Skype has an interesting business model. The wildly popular internet phone and video service lets people call other Skype users for free, and pay a small fee to dial terrestrial phones. But if everyone started using Skype, the company could put itself out of business. Before that happens, Skype is trying to increase its advertising options.
This week, Skype announced Click & Call Advertising, which converts business phones numbers online into free call links when companies advertise with Skype. Skype might be on to something here.
MDC Partners, the holding company
that owns ad agencies like Crispin Porter & Bogusky and Kirshenbaum
Bond Senecal & Partners, is about to launch a “Million-Dollar Challenge.” One (or more) lucky marketer will win $1 million and the chance to run his or her own agency.
Winning a million dollars to start your own digital marketing agency may sound like a great deal, but as with any offer that sounds too good to be true, this one comes with a catch.
Chatroulette remains a bit of a marketing headache.
On the one hand, it’s a free platform that has had enormous amounts of publicity and thousands of users. On the other though, the site is somewhat stigmatised, as quite a number of those users don’t seem to be the sort who want clever, real-time advertising.
It probably won't come as a surprise that consumers don't trust advertising. But the numbers are pretty grim.
According to a report entitled Your Brand: At Risk or Ready for
Growth? sponsored by marketing solutions provider Alterian, the number
of consumers who don't trust advertising is disturbingly close to 100%.
Online advertising has suffered less during the recession than traditional ad products, but many advertisers still think online ad inventory falls short in one key area: brand building.
And while print ads may never perform as well as they once did, television advertising has been surprisingly buoyant as digital has grown. In fact, The Economist recently called television "The Great Survivor." As traditional media formats struggle to stay afloat, digital video is seen by many as a strong way to connect with consumers, and video ads are popping up online with increasing frequency. But can video save display ads from obscurity and present the key to brand building online? That's not clear yet.
Looking at current earnings, the mobile ad market is wildly overvalued right now. Only $416 million was spent on mobile advertising in 2009. Meanwhile, Google recently paid $750 million for AdMob and Apple shelled out another $250 million for Quattro Wireless. What gives?
Well, Google and Apple made those investments based on how much they think the mobile market will be worth in the near future. But a lot of people think that mobile will never reach the potential that mobile optimists are predicting.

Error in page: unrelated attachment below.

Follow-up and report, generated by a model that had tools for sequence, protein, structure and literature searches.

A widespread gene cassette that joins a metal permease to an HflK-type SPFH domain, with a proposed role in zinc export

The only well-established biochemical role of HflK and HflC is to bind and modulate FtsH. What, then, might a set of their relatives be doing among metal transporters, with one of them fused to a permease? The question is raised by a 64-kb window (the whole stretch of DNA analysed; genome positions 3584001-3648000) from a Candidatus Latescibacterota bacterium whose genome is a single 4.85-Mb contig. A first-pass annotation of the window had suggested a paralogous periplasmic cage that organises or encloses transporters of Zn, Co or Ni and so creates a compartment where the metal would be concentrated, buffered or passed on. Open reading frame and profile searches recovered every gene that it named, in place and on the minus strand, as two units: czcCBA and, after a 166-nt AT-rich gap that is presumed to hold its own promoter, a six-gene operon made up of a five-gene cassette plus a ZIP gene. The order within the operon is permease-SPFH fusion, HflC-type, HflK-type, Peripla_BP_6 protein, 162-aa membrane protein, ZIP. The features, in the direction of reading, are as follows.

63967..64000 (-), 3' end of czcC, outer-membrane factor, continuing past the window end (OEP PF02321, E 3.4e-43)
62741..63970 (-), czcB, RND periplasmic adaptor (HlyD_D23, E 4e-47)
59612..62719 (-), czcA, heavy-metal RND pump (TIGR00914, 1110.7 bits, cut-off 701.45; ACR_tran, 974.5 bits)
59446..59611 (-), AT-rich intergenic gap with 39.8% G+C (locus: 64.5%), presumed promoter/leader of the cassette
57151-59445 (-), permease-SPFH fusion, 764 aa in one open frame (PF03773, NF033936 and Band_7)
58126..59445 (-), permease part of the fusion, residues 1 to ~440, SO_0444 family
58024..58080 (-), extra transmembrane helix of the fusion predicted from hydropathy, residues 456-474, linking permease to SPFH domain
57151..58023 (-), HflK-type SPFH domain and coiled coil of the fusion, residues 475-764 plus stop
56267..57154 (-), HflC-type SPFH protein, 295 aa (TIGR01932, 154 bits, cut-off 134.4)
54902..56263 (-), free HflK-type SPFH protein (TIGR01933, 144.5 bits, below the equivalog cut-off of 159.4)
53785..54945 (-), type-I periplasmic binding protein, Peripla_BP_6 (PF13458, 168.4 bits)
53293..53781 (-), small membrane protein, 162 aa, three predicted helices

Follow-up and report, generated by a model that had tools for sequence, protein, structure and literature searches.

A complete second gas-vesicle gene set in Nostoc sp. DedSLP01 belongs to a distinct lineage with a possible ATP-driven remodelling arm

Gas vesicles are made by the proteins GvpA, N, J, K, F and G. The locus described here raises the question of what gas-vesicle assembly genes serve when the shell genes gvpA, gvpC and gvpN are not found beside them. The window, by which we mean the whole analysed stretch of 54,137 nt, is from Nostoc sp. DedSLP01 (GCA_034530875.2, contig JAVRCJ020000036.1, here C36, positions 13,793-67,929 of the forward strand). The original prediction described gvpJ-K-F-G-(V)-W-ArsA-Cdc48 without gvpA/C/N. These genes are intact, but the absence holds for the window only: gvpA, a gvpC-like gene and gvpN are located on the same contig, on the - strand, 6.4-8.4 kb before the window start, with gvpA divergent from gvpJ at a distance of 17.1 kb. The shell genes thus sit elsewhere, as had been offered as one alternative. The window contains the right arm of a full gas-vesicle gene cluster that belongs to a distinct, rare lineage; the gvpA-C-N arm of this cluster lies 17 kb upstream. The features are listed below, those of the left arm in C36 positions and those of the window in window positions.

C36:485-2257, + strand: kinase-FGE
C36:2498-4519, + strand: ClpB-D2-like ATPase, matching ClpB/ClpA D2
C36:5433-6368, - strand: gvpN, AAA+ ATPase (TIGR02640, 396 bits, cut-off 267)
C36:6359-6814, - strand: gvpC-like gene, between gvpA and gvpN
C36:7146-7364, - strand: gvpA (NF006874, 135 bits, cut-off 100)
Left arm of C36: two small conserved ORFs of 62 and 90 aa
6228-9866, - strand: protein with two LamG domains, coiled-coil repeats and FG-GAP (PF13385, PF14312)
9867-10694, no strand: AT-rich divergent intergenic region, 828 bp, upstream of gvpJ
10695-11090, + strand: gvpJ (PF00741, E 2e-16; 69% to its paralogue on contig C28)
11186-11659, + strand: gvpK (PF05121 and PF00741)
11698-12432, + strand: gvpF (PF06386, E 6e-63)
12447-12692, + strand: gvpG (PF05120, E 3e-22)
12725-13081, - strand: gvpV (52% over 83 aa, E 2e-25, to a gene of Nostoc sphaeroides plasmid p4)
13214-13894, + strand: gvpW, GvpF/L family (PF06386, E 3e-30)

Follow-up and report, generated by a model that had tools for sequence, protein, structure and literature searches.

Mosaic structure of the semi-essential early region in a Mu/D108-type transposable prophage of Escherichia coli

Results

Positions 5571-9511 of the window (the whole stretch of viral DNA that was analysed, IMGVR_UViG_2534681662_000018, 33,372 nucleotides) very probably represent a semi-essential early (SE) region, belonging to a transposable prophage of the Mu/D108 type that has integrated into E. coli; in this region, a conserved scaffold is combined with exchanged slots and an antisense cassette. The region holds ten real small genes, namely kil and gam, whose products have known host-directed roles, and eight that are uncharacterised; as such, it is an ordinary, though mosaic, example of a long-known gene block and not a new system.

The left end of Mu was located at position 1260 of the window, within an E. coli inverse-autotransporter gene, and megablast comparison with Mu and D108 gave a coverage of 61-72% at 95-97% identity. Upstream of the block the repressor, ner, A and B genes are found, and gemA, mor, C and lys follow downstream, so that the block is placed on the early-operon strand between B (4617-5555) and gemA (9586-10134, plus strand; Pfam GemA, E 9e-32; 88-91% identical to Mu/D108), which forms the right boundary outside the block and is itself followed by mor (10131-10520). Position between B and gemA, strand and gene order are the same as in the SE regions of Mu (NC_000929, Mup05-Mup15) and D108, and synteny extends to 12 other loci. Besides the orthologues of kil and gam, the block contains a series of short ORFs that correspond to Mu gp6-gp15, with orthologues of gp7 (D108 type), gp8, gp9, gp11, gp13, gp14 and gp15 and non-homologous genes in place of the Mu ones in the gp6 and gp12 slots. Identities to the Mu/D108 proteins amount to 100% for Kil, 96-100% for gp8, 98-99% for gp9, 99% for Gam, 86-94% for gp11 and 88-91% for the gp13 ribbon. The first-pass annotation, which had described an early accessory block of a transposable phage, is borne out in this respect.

One of those people is Gilt Groupe's chairman Kevin Ryan. Speaking at an event in New York this week, Ryan expressed skepticism that brands — and consumers — will flock to mobile advertising. The comments are interesting because his own company, which sells luxury items at steep discounts, is part of a mobile segment that is poised for massive mobile growth — digital commerce.
Facebook advertising has been clearing its name over the last year. Increasingly, social ads are starting to gain some traction. Facebook's self-serve advertising platform is on track to bring in $1 billion in revenue this year.
And according to Nielsen, Facebook ads are very effective — if you already have a large following that is willing to help with publicity.
Twitter has been very quiet about its advertising model, but Peter Kafka over at AllThingsD has some details about what advertising approved by the micro blogging site could look like. If his sources are correct, it could look a lot like Google.
But there's one problem with that plan. Twitter has not proven that it has any skills in search.
How do you market ad inventory for a product with no proven ROI? Attach Steve Jobs' name to it. Apparently, advertising for Apple's iPad is selling very strongly, despite the complete lack of data on who is purchasing Apple's new gadget.
Traditional publishers are putting high hopes on the iPad launch next week. And now advertisers are helping to make their dreams a reality. At least at the starting gate.
Yahoo is celebrating its 15th birthday this week, and a lot has changed since 1995. The company once known for its search business has ceded control of that area to Microsoft in a deal that is still waiting for regulators to come to fruition. But Yahoo CEO Carol Bartz thinks the company has a leg up on the competitors in one area: data.
Speaking at the American Association of Advertising Agencies'
Transformation Conference in San Francisco on Monday, Bartz reiterated what her company has to offer:
"We have so much data at our fingertips; we're drowning in
And she had one piece of evidence to prove how powerful that data can be — a new ad partnership with Walmart.